Furthermore, the NGOs have a central part in maintaining robust debate -a proud tradition of our democratic movement. NGOs bring a host of viewpoints to bear on any subject. Whether large or small, their leaders contribute to the contestation of ideas, whi ch is critical for a strong democracy.
Finally, as Sangoco's members know best, many NGOs directly serve our people. Whether through ABET, support for people with AIDS, welfare services, mobilising for land, or a host of other activities - the NGO community goes far to address the legacy of apa rtheid and find a way forward to a more equitable and united society.
These are important functions in our democracy. They sustain a strong civil society and participatory government. They do not, of course, mean that service organisations can speak for the majority of our people in a representative sense. That requires the elected government or mass-based organisations. But NGOs enrich the discourse and strengthen the mass-based organisations by providing technical advice, insights and support. They reflect the diversity of our society, which is one of our great strengths.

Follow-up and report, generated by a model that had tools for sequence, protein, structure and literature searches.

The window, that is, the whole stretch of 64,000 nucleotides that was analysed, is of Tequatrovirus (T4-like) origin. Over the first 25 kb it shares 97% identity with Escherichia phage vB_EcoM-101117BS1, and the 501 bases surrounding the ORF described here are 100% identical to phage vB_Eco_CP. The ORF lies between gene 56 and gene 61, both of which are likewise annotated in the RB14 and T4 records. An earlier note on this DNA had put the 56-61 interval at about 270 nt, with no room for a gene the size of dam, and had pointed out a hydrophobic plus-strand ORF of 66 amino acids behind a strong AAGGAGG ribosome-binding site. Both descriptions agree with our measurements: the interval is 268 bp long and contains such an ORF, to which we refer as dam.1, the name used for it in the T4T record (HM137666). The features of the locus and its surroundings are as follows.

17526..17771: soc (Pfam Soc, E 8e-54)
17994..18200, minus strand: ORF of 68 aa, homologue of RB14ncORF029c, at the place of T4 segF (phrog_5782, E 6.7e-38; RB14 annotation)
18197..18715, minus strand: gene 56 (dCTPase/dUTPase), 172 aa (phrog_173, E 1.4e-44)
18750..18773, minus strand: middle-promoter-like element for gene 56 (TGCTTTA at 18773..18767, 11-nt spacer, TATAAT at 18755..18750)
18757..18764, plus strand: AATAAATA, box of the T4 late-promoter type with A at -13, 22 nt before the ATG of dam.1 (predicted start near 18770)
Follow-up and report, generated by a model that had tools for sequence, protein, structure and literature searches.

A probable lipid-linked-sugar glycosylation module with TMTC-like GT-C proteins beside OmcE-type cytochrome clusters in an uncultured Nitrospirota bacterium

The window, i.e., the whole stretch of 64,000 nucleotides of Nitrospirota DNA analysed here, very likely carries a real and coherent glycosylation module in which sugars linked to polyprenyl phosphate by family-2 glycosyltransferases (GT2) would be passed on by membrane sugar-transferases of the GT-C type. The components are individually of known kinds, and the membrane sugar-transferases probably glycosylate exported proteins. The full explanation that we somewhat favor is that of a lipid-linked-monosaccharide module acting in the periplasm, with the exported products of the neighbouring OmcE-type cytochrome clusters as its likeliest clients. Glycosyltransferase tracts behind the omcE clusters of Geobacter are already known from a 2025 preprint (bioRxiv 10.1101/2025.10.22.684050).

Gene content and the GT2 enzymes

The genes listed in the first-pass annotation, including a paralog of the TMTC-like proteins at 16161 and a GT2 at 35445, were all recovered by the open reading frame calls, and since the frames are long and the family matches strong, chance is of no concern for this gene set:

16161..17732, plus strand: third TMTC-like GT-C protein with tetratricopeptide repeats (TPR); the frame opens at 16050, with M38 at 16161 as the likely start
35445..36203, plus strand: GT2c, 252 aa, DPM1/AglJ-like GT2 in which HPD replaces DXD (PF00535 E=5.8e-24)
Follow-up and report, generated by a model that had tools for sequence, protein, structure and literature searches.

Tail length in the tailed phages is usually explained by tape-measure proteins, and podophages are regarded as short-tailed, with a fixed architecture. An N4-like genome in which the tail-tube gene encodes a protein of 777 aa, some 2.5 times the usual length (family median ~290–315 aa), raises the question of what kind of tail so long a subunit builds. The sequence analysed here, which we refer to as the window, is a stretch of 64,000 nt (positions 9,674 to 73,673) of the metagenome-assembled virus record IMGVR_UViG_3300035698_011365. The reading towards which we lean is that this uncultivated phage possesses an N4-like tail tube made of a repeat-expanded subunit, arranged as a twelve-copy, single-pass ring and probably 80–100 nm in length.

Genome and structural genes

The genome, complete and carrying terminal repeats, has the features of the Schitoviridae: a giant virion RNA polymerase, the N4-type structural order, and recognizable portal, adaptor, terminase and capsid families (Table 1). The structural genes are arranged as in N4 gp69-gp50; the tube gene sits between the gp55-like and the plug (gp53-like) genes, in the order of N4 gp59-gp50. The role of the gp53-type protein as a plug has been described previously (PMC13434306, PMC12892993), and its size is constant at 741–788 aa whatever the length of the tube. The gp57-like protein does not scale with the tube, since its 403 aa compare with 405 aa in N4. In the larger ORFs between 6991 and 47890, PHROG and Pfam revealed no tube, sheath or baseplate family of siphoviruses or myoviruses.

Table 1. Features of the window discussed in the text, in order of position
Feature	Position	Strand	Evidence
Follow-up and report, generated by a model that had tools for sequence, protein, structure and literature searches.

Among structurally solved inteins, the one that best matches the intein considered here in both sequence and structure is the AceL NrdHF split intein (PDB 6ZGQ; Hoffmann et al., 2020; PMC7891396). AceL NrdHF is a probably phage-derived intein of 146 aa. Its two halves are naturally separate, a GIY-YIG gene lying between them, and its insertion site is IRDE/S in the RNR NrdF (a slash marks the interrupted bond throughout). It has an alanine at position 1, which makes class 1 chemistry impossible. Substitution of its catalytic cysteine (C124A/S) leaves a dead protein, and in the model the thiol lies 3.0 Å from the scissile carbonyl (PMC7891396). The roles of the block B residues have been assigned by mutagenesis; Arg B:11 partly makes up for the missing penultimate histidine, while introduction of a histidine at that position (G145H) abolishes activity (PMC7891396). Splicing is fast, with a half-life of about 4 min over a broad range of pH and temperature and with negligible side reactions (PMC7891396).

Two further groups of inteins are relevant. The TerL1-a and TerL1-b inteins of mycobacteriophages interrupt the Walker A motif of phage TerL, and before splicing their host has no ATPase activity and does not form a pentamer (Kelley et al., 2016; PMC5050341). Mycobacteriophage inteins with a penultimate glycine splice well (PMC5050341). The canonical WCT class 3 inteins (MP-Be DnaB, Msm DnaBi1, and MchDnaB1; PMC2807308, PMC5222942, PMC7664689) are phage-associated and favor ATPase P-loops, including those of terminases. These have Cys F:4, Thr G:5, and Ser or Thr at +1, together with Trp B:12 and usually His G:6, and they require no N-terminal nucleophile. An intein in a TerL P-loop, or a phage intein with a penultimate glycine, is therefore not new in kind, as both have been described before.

In this context, we are proud of Sangoco, which has managed to unite hundreds of our NGOs without suppressing their differences. It has given the NGOs a united voice in important areas, and let us works together more coherently and systematically.
At this stage of our democratisation we must retain our level of activism. In that vein we should not be discouraged by the new found fashion of discrediting genuine concerns. The challenge facing all of us is to maintain a strong voice to influence and wo rk with government on a number of progressive initiatives, without abandoning the right to raise problems whenever necessary. We therefore require a critical partnership between organisations within civil society on the one hand and partnership with the go vernment on the other hand.